Judge Hands Down 30-Day Jail Sentence For Lawyer Who Lied To Mueller

on April 3, 2018 in Washington, DC.
Alex Wong/Getty Images North America

U.S. District Judge Amy Berman Jackson sentenced Alex van der Zwaan — a Dutch lawyer who admitted to lying to Special Counsel Robert Mueller about conversations he had with Trump campaign aide Rick Gates in 2016 — to 30 days in jail and ordered him to pay a $20,000 fine.

Tuesday’s sentencing hearing was the first of the Mueller investigation since the special counsel was appointed 11 months ago.

Lawyers for the 33-year-old van der Zwaan — whose wife in the United Kingdom is pregnant — had asked the judge to impose no jail time and a fine. The lawyers for Mueller made no specific recommendation for van der Zwaan’s sentence, but stressed the need for people to not lie or withhold evidence in government investigations.

“I just can’t say, ‘Pay your fine at the door and go,'” Jackson said at the hearing, in explaining her sentence.

Van der zwaan —  a London-based attorney then-employed by the tony firm Skadden, Arps, Slate, Meagher & Flom — worked with Gates and former Trump campaign chairman on a report released in 2012 about the prosecution of former Ukrainian prime minister Yuliya Tymoshenko. Gates and Manafort were working for Tymoshenko’s political rival Victor Yanukovych at the time.

At a November 2017 interview with the special counsel, van der Zwaan lied to Mueller’s team about conversations he had with Gates in September 2016, as well as with a person known in court documents as “Person A.” Person A is widely believed to be Konstantin Kilimnik, a Russian who worked on Manafort’s and Gates’ projects in Ukraine. Mueller has described Person A as having “ties to the Russian intelligence service.”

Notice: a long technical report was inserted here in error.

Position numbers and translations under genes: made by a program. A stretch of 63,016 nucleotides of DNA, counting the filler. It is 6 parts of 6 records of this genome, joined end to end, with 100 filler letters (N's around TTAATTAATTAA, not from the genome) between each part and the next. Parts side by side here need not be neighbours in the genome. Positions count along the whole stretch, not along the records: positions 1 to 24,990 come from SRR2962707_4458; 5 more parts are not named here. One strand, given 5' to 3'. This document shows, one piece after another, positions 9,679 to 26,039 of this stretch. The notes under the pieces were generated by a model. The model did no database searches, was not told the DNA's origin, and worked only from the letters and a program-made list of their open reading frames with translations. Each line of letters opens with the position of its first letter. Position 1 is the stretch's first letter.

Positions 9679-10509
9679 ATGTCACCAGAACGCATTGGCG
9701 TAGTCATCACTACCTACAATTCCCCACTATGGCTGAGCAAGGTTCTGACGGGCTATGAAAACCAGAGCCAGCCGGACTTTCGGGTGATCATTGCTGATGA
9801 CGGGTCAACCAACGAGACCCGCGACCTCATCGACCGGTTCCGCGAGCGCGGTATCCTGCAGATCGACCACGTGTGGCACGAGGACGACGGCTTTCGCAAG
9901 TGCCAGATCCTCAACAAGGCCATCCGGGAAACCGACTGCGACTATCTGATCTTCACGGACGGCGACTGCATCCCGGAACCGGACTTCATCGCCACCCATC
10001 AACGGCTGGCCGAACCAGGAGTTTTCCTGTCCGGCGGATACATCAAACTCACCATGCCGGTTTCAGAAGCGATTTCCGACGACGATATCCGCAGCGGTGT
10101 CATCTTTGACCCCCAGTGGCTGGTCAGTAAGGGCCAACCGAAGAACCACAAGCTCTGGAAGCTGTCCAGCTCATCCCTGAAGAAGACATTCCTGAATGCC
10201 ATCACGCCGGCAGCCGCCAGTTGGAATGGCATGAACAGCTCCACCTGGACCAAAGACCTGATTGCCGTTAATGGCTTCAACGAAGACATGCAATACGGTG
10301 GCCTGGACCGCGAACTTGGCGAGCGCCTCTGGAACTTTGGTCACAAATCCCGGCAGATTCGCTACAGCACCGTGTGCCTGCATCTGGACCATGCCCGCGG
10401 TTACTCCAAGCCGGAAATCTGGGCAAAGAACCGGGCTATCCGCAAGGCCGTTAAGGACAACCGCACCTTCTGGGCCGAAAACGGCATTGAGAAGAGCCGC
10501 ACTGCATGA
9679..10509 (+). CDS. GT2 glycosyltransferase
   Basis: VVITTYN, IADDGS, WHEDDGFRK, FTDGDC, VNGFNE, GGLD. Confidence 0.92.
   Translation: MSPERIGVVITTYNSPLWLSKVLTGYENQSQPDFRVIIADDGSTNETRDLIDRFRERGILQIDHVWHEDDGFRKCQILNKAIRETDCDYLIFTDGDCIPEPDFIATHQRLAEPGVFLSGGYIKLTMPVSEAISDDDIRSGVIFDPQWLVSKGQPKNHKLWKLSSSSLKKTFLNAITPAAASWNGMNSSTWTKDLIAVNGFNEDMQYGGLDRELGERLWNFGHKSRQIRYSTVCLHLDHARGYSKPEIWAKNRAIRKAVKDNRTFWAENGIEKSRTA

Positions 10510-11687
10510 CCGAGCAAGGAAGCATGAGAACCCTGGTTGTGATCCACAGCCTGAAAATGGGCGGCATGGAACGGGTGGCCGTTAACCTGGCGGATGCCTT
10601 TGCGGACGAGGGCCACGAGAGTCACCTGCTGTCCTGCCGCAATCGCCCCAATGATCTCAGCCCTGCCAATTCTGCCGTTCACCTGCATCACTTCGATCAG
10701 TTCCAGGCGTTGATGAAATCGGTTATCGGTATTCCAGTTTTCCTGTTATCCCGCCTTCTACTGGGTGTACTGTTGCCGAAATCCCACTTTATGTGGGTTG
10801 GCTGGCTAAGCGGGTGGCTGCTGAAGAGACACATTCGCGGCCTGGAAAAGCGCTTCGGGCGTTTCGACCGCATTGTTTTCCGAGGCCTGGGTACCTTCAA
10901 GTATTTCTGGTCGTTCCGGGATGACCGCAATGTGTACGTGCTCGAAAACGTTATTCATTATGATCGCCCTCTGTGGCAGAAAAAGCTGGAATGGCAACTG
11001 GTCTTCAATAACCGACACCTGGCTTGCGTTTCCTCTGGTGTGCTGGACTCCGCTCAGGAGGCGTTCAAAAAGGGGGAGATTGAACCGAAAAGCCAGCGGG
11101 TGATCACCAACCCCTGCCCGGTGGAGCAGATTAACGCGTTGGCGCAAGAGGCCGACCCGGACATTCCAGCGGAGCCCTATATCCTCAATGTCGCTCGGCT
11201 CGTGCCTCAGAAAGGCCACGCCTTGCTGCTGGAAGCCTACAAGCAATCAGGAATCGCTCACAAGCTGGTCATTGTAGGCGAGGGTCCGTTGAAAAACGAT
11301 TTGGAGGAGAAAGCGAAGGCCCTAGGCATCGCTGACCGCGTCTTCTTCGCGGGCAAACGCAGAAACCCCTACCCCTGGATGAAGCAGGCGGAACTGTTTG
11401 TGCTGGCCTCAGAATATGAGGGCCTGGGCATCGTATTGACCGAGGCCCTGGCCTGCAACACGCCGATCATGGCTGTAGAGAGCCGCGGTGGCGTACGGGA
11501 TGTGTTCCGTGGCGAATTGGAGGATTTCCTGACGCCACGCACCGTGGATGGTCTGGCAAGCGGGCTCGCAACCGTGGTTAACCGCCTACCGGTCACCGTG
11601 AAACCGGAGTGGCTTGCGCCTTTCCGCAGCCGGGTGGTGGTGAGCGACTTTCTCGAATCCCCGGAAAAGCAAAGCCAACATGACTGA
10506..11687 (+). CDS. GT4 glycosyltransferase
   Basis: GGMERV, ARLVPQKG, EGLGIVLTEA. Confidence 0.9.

Van der Zwaan also withheld emails from the special counsel investigation — emails he did not turn over to his law firm at the time for production. Van der zwaan has since lost his job at Skadden.

Van der Zwaan came back to the United States weeks later to correct his lies to the special counsel’s office, but at Tuesday’s hearing, there was discussion as to whether his decision to correct the record was purely voluntary or at the prompting of his lawyers.

According to prosecutors, van der Zwaan was presented with emails that he had withheld from the special counsel during the initial interview. He was being represented by lawyers at Skadden at the time.

“He was essentially caught red-handed,” the judge said Tuesday.

Andrew Weissmann, representing Mueller’s team, also emphasized that was this was not a just a one-off lie but a serious of actions by van der Zwaan to cover up evidence of the 2016 conversations. That argument seemed to resonate with Jackson, who later said that van der Zwaan was no “deer in headlights” in the initial interview, and that he knew what he was lying about and that the information he was witholding was important

When it was his turn to defend his client, van der Zwaan lawyer William Schwartz brought up van der Zwaan’s family situation — his wife’s pregnancy has been difficult, and his mother is also suffering a health issue — and the stress that the four-plus months that he has been in the United States has put on on him and his loved ones. At one point Schwartz suggested that van der Zwaan had been effectively serving a sentence because he was stuck at a residence hotel with nothing to do, and that his calls with his attorney were the highlight of his day.

Judge Jackson said she was not “terribly moved” by the complaint, and noted if he was so bored, he could have spent time doing community service.

She did not appear to be taking lightly the sentence she handed down and took a 30-minute recess to mull things over before her announcement of the sentence. She acknowledged the further stress his family would endure and is allowing him to self-surrender. But she noted the deterrence effect her sentence needed to have.

“Being able to write a check and walk away” would not deter others, she said.

 

 

 

 

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